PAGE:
Lena Wilson, who has a remuneration package of about £200,000 as chief executive of the publicly-backed enterprise agency, faced criticism when she joined Intertek as a non-executive director.
At that time, in July 2012, her basic annual fee for the role was said to be £55,000 for about one day of work each month. Now Intertek's annual report, published yesterday, shows that was increased to £58,000 last year
However, 50-year-old Ms Wilson picked up an additional £2583 through other work she carried out for the business in her non-executive role.
Intertek had initially published that Ms Wilson received total fees of £75,000 in 2013, but later confirmed that was a mistake. She is due to receive £68,000 this year.
The annual report notes she attended all seven of London-based Intertek's board meetings in the year.
It also points out that she joined the company's audit and risk committee in September last year and attended the two meetings held by that group in the final four months of 2013.
Members of that committee receive an additional £10,000 each year on top of their basic fees.
Michael Wareing, chairman of the audit and risk committee, said: "Lena brings with her a wealth of experience and she has already made valuable contributions since joining the committee."
Scottish Liberal Democrat leader Willie Rennie MSP said: "John Swinney should explain why the full-time head of a publicly funded body is working part-time for another organisation.
"I'm sure most people in Scotland would agree that such a handsome remuneration at £200,000 should command the full commitment of the person employed to the role."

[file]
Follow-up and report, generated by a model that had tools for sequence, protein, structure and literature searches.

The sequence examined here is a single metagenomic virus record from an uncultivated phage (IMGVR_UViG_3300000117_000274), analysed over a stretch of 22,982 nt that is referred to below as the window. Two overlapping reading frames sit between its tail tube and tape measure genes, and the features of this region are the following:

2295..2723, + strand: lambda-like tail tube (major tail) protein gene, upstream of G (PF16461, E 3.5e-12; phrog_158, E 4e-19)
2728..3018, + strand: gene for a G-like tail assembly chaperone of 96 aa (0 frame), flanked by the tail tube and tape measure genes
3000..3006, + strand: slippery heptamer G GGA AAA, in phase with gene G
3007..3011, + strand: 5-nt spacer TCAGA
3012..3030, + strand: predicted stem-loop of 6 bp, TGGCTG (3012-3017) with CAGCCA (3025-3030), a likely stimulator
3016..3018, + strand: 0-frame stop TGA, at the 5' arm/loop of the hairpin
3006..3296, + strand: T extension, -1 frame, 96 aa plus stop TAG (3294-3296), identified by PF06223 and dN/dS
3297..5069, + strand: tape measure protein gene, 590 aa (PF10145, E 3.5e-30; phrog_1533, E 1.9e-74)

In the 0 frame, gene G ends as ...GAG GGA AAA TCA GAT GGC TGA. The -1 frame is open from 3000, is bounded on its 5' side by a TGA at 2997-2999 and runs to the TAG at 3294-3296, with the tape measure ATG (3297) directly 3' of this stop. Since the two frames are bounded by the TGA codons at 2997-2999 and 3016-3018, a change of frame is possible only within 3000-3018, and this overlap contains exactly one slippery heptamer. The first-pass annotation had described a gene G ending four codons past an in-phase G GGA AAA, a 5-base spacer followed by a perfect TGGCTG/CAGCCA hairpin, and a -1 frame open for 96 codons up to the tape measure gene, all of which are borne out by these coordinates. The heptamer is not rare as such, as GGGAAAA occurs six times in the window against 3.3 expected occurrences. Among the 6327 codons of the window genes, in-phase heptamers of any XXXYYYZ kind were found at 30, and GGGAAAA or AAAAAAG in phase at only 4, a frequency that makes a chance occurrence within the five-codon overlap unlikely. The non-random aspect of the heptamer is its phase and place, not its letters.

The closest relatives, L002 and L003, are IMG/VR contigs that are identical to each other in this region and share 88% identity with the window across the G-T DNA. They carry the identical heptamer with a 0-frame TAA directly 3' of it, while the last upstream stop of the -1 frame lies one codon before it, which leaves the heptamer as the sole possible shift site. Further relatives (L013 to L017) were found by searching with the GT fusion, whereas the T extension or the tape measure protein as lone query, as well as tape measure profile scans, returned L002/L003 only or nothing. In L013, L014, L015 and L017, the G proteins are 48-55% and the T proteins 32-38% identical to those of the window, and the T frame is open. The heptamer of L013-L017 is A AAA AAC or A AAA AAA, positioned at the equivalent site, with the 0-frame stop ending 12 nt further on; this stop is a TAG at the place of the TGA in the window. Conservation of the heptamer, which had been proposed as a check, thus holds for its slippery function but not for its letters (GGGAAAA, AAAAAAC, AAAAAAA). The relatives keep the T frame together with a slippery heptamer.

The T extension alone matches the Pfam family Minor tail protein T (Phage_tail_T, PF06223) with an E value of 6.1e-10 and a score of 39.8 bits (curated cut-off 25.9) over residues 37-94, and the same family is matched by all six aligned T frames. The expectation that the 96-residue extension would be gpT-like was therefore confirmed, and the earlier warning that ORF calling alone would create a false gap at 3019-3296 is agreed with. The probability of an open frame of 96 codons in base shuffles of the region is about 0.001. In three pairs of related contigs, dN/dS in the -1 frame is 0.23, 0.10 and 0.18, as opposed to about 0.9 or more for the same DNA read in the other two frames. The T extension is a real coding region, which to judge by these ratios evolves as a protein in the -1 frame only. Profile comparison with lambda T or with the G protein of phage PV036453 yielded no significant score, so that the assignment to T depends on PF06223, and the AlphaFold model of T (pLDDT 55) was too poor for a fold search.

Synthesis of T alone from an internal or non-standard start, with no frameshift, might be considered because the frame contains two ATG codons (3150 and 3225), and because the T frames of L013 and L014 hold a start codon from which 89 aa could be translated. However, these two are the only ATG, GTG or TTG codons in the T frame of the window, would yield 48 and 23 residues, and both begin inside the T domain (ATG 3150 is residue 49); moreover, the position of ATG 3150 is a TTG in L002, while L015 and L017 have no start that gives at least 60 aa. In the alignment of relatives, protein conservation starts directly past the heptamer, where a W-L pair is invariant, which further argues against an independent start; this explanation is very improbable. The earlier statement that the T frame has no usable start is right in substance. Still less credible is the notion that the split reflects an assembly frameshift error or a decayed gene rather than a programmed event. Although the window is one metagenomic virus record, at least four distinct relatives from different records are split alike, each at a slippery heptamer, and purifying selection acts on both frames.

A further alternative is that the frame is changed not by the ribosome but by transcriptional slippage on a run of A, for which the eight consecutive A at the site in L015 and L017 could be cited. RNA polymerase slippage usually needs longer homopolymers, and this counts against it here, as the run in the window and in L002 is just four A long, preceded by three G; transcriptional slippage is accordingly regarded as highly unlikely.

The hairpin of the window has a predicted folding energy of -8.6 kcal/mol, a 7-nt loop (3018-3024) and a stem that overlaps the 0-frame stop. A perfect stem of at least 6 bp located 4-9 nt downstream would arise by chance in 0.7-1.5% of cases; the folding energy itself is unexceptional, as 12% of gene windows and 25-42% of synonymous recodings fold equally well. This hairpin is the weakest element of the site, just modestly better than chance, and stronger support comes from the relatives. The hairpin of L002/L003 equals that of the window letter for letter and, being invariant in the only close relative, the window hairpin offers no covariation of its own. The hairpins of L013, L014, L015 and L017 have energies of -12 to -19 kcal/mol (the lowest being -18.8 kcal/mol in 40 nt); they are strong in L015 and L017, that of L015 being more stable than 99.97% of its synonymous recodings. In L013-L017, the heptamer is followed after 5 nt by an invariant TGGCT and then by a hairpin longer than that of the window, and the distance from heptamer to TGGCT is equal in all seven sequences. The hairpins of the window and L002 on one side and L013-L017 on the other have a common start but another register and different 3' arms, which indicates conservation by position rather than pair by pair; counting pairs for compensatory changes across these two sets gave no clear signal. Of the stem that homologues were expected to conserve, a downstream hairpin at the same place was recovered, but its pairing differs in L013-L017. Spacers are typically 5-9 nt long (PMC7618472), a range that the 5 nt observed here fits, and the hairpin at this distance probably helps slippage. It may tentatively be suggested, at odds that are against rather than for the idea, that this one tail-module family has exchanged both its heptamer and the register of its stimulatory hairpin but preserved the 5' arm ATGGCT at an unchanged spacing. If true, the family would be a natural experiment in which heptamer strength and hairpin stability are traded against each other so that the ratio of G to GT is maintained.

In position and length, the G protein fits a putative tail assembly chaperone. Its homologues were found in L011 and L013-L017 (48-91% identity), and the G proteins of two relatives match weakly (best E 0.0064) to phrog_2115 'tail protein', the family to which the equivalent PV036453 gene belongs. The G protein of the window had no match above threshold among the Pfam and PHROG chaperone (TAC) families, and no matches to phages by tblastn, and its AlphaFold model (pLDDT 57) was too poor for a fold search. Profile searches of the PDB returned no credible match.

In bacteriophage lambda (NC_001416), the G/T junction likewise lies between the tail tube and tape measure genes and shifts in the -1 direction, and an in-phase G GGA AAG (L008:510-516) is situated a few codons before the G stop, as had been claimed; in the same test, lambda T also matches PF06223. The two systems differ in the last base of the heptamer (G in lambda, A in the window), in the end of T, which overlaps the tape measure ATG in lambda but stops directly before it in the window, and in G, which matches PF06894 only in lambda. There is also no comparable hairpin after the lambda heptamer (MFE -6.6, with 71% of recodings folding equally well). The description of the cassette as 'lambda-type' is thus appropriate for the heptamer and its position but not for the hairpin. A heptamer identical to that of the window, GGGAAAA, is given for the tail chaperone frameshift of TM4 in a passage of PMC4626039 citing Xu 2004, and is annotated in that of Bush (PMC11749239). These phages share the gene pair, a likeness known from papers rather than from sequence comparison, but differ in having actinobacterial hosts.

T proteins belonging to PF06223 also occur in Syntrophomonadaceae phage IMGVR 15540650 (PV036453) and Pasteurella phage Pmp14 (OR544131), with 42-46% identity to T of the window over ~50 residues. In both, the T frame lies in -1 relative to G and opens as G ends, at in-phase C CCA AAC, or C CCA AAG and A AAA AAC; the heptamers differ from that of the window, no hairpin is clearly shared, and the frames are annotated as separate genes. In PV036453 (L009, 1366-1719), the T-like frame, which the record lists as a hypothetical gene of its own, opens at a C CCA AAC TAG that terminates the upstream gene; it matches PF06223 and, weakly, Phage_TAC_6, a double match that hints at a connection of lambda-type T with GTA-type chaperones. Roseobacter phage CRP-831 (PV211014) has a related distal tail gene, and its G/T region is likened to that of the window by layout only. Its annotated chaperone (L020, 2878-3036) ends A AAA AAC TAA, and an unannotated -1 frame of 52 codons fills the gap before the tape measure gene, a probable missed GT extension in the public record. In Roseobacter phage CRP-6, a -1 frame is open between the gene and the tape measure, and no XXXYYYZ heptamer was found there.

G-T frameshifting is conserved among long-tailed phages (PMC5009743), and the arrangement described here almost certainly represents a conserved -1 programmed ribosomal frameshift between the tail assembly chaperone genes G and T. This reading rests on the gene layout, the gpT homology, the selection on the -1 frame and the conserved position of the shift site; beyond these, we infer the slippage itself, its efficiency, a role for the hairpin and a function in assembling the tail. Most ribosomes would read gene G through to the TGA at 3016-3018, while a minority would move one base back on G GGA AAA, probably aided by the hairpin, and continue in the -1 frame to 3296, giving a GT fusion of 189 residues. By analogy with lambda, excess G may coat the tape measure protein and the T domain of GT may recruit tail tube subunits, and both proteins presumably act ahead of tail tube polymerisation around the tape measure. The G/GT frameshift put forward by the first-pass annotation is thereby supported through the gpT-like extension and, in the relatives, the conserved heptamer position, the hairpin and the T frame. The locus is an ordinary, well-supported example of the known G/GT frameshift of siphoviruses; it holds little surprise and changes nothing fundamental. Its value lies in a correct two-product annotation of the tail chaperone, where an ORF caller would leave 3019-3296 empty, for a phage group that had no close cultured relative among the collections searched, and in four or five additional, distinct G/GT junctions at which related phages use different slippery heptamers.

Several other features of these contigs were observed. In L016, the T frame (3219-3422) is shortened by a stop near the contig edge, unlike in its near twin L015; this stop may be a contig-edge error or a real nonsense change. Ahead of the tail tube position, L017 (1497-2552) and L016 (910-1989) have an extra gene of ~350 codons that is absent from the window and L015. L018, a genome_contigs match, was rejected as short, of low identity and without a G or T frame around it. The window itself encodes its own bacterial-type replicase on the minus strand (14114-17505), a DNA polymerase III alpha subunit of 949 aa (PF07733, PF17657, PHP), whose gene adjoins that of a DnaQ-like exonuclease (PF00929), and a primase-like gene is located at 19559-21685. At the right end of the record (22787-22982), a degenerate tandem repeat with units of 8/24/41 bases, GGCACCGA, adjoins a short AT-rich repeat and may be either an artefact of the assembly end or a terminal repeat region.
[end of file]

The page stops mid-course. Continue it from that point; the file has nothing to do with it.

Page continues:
Other non-executives who served at Intertek across the whole of 2013 were paid between £64,000 and £90,000, while chairman Sir David Reid received £340,000.
Chief executive Wolfhart Hauser received more than £3.2m while finance head Lloyd Pitchford was paid almost £1.7m.
Scottish Labour's deputy finance spokeswoman Jenny Marra said: "Commanding a high salary in the public sector is different from the business environment.
"As it's tax payers' money there is an expectation that the employee will be wholly devoted to their job with no other external responsibilities and interests.
"While it's vital that Scottish Enterprise directors have their finger on the pulse of business, I don't think it's the public expectation that highly paid public servants are pulled off in other directions. Scotland's economy needs its full-time officials doing their jobs full-time."
According to the annual report, Ms Wilson owns 154 Intertek shares and her basic fee will remain at £58,000 in 2014. The shares were worth 2943p each at the close of trading on the London Stock Exchange yesterday.
The annual report states: "Fees for the non-executive directors are determined by the board . . . Individual non-executive directors do not take part in discussions regarding their own fees."
Ms Wilson, who declined to comment, has been chief executive at Scottish Enterprise since November 2009 having spent much of her career working in economic development.